Civil Rights History – Know It Or Repeat It

Heather Cox Richardson

At 10:22 this morning, a Jewish temple in Birmingham, Alabama, blew the shofar, and churches rang their bells four times. 

It was at that moment, sixty years ago, that a bomb ripped through the 16th Street Baptist Church in Birmingham, Alabama. It was Youth Day in the historic brick church on Sunday, September 15, 1963, and five young girls dressed in their Sunday best were in the ladies’ lounge getting ready for their part in the Sunday service that was about to start. As Denise McNair, Cynthia Wesley, Carole Robertson, and Addie Mae Collins were chatting and adjusting their dresses, a charge of dynamite stashed under the steps that led to the church sanctuary blasted into the ladies lounge, killing the four girls instantly. Standing at the sink in the back of the room, Addie’s sister Sarah survived with serious injuries. 

Just five days before, Black children had entered formerly all-white schools after an August court order required an end to segregation in Birmingham’s public schools. This decision capped a fight over integration that had begun just after the May 1954 Brown v. Board of Education decision in which the Supreme Court declared segregation unconstitutional. 

In that same year, in the wake of the successful 381-day Montgomery, Alabama, bus boycott to protest that city’s segregated bus system, Birmingham’s Reverend Fred Shuttlesworth, along with the Reverend Martin Luther King Jr., the Reverend Ralph Abernathy, and strategist and civil rights activist Bayard Rustin, started the Southern Christian Leadership Conference (SCLC) to challenge segregation through nonviolent protest, rather than trusting the work to the courts alone. 

On September 9, 1957, Shuttlesworth and his wife Ruby, along with other Black parents, tried to enroll their children in the city’s all-white flagship John Herbert Phillips High School. A mob of white Ku Klux Klansmen met them at the school, attacking them with chains and bats; someone stabbed Ruby Shuttlesworth in the hip with a pocketknife, and an amateur videographer captured a man named Bobby Frank Cherry on video reaching for brass knuckles before diving back into the attack on Shuttlesworth. 

Cherry had no children at the school.

Over the next several years, the Ku Klux Klan lost the political struggle over civil rights, and its members increasingly turned to public violence. There were so many bombings of civil rights leaders’ homes and churches that the city became known as “Bombingham.” When the Freedom Riders, civil rights workers who rode interstate buses in mixed-race groups to challenge segregation, came through Birmingham, police commissioner Eugene “Bull” Connor looked the other way as KKK members beat the riders with baseball bats, chains, rocks, and lead pipes.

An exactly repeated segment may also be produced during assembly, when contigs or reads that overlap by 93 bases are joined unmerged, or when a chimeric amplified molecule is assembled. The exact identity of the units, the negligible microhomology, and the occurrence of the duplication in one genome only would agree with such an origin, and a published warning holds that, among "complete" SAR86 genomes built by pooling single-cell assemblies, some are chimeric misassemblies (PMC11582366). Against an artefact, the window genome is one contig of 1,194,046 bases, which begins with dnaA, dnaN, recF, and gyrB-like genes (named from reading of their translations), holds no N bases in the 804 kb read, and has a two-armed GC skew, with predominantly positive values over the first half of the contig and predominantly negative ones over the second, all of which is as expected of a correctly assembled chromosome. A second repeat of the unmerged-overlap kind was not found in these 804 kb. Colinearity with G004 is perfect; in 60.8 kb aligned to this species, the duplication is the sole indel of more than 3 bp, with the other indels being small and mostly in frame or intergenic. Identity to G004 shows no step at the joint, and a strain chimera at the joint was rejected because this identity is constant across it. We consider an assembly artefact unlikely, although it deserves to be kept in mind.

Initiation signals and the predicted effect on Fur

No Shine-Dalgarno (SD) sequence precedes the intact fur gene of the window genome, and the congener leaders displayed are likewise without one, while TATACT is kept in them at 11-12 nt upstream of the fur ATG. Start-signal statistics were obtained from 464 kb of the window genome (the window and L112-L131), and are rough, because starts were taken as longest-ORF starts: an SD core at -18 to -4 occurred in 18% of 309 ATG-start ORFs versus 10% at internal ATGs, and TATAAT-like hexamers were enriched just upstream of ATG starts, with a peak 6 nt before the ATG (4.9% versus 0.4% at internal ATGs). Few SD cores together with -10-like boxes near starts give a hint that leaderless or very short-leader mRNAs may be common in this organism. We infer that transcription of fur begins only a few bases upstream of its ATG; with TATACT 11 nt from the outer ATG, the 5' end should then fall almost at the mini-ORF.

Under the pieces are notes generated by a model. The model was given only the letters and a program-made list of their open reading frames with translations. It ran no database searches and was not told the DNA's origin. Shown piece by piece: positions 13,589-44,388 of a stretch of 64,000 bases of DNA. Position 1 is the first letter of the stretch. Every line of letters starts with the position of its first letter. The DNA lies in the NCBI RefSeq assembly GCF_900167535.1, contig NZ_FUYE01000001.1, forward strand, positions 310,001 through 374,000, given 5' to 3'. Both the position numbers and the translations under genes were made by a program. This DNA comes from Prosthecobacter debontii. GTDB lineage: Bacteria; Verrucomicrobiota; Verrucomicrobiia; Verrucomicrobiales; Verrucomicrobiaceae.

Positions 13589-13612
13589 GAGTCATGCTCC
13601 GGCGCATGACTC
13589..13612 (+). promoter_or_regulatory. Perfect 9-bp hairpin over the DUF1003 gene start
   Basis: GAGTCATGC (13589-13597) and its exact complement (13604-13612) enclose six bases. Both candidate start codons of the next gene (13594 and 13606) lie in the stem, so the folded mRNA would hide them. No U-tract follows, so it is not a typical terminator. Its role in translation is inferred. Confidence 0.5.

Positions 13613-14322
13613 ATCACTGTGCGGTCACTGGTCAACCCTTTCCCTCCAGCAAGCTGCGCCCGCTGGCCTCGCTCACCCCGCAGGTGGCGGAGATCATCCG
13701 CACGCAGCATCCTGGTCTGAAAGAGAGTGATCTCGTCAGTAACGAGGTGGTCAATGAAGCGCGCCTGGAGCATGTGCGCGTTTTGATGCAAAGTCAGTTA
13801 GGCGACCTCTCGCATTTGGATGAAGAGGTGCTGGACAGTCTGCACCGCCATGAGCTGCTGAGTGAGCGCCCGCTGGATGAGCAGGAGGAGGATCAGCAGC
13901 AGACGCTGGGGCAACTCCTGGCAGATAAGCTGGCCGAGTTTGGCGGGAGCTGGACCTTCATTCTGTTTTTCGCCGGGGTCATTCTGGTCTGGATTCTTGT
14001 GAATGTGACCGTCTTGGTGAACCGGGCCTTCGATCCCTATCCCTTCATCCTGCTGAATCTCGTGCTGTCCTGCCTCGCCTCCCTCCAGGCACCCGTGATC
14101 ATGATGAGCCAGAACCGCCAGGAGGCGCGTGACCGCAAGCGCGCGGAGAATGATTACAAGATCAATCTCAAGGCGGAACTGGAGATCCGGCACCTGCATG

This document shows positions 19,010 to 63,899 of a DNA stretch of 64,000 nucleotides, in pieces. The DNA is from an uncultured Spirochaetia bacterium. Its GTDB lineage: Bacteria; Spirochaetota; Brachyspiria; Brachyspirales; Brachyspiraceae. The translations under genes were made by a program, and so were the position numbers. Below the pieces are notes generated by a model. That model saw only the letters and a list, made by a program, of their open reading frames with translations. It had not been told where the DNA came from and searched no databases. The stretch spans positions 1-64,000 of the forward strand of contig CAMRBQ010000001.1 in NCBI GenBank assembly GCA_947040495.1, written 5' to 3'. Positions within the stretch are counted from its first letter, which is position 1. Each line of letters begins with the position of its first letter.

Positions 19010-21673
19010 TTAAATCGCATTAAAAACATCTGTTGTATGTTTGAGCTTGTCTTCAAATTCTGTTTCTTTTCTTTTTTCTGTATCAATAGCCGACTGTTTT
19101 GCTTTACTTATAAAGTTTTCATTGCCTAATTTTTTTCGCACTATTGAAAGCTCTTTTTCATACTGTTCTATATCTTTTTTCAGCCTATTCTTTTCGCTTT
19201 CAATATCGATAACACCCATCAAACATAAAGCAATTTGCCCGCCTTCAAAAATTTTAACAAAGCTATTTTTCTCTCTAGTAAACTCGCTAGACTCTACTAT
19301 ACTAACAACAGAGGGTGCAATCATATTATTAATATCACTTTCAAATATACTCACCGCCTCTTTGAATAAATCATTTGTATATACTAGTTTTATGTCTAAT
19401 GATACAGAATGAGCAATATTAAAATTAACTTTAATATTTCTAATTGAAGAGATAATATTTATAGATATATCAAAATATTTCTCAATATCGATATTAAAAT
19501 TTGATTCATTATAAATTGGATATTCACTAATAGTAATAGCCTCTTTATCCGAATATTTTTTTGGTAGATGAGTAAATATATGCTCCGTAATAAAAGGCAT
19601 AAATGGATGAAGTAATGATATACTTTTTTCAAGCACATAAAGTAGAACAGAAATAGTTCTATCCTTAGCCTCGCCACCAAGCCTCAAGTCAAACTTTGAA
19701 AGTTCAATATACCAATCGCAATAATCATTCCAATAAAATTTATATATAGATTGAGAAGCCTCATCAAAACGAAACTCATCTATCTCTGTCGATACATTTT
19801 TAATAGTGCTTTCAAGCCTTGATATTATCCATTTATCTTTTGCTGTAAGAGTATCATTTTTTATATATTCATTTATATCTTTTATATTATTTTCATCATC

Connor was a perfect foil for civil rights organizers, who began a campaign of nonviolent direct action to challenge segregation in Birmingham. One of the organizers’ tactics was to attract national attention by provoking Connor, and participants in the movement began sit-ins at libraries, kneel-ins at white churches, and voter registration drives. Shuttlesworth invited King to Birmingham to help. 

In April 1963, Connor got an injunction barring the protests, and promised to fill the jails. He did. King’s famous Letter from a Birmingham Jail was a product of Connor’s vow, smuggled out of jail on bits of paper given to him by a sympathetic inmate. In the letter, King responded to those who opposed the civil rights protests and, claiming to support civil rights, said that the courts were the proper venue to address social injustice. King agreed that the protests created tension, but he explained that such tension was constructive: it would force the city’s leaders to negotiate. “‘Wait,’” he reminded them, “has almost always meant ‘never.’”

But Connor’s tactics had the chilling effect he intended, as demonstrators shied away from being arrested out of fear of losing their jobs and being unable to provide for their families. So organizers decided to invite children to join a march to the downtown area. When the children agreed, the SCLC held workshops on the techniques of nonviolence and warned them of the danger they would be facing.